May 2006

.40 S&W Carbines: We Shoot Hi-Point, Beretta, Olympic Arms

And the results? Based on its function and low price, we think Hi-Point’s 4095 is a winner. The Olympic Arms K40 was a crowd pleaser, but we’d pass on Beretta’s pricey Cx4 Storm.

A handgun is many times more difficult to learn to shoot well than a rifle, but there are times when a rifle cartridge is too powerful for the task at hand, whether it’s punching holes in old tin cans or defending your home. The solution is one about as old as cartridge firearms, a short rifle that shoots handgun cartridges. A pistol-caliber carbine makes hits easier, and often gives away very little practical usefulness or stopping power to a full-size rifle cartridge. There too is the advantage of multiple firearms taking the same cartridge, so ammunition supply is simplified.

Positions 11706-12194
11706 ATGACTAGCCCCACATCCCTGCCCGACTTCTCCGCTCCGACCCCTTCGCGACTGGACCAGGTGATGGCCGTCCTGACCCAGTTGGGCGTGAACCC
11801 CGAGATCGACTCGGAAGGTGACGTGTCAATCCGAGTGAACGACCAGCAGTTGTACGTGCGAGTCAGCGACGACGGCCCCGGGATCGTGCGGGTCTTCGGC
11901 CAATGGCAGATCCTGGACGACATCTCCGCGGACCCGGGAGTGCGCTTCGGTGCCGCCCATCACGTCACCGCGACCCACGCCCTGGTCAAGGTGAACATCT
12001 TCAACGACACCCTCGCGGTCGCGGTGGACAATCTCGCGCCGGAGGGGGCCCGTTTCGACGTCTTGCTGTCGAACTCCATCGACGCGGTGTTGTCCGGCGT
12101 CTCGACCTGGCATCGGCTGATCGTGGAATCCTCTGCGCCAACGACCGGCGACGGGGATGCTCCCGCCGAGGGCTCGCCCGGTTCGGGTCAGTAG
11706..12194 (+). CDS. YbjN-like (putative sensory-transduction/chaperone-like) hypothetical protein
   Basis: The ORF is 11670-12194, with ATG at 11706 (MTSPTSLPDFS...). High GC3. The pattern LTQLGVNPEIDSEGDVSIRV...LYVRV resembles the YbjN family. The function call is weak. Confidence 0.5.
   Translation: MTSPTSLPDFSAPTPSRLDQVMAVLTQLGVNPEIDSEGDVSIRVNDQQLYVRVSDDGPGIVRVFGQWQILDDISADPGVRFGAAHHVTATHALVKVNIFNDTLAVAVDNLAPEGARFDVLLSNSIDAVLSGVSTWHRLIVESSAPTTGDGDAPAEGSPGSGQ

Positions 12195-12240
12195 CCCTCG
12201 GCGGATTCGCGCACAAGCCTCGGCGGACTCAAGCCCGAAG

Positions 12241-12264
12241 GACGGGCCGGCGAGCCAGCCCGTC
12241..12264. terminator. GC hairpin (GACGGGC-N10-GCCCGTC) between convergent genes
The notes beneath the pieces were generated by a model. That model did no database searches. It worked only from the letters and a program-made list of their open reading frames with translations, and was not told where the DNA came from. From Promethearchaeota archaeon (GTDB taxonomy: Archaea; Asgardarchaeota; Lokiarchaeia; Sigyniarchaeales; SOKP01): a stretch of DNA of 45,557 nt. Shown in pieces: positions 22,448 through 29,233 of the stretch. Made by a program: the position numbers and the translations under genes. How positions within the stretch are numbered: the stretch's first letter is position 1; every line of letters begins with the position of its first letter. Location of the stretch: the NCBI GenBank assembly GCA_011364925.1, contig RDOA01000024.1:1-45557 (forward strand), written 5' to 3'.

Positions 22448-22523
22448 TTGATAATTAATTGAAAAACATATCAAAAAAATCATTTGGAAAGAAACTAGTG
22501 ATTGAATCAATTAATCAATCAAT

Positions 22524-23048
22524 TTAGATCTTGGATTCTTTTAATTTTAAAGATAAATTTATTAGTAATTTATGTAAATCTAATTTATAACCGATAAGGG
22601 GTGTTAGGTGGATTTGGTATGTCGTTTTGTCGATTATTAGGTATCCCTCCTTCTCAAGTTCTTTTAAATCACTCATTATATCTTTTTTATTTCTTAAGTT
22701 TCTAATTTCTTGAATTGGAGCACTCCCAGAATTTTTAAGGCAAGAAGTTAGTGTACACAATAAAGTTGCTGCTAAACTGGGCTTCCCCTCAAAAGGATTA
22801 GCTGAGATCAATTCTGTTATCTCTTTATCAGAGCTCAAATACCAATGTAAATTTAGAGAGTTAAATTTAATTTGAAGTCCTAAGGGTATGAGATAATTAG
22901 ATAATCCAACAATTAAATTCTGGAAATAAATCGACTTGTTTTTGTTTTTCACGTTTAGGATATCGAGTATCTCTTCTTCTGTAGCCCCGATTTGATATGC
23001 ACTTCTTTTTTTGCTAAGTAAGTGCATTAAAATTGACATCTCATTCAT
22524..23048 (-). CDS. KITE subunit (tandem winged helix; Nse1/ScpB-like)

With the steady or even increasing popularity of the .40 S&W cartridge, it seemed to us it was time to see what’s available in .40 S&W carbines. To that end, we acquired three, Hi-Point’s Model 4095 ($225), the compact, polymerized Beretta Cx4 Storm ($800), and Olympic Arms’ K40 with its collapsible stock ($834), and put them through our paces. As with pistols, we tried them for fast bursts of two shots, and also from the bench at 50 yards. We tested with Cor-Bon 140-grain DPX JHP, with Remington 155-grain JHP, and with Speer 180-grain GoldDot HP. We also tried several other types of ammo, but didn’t record all the results. This is what we found.

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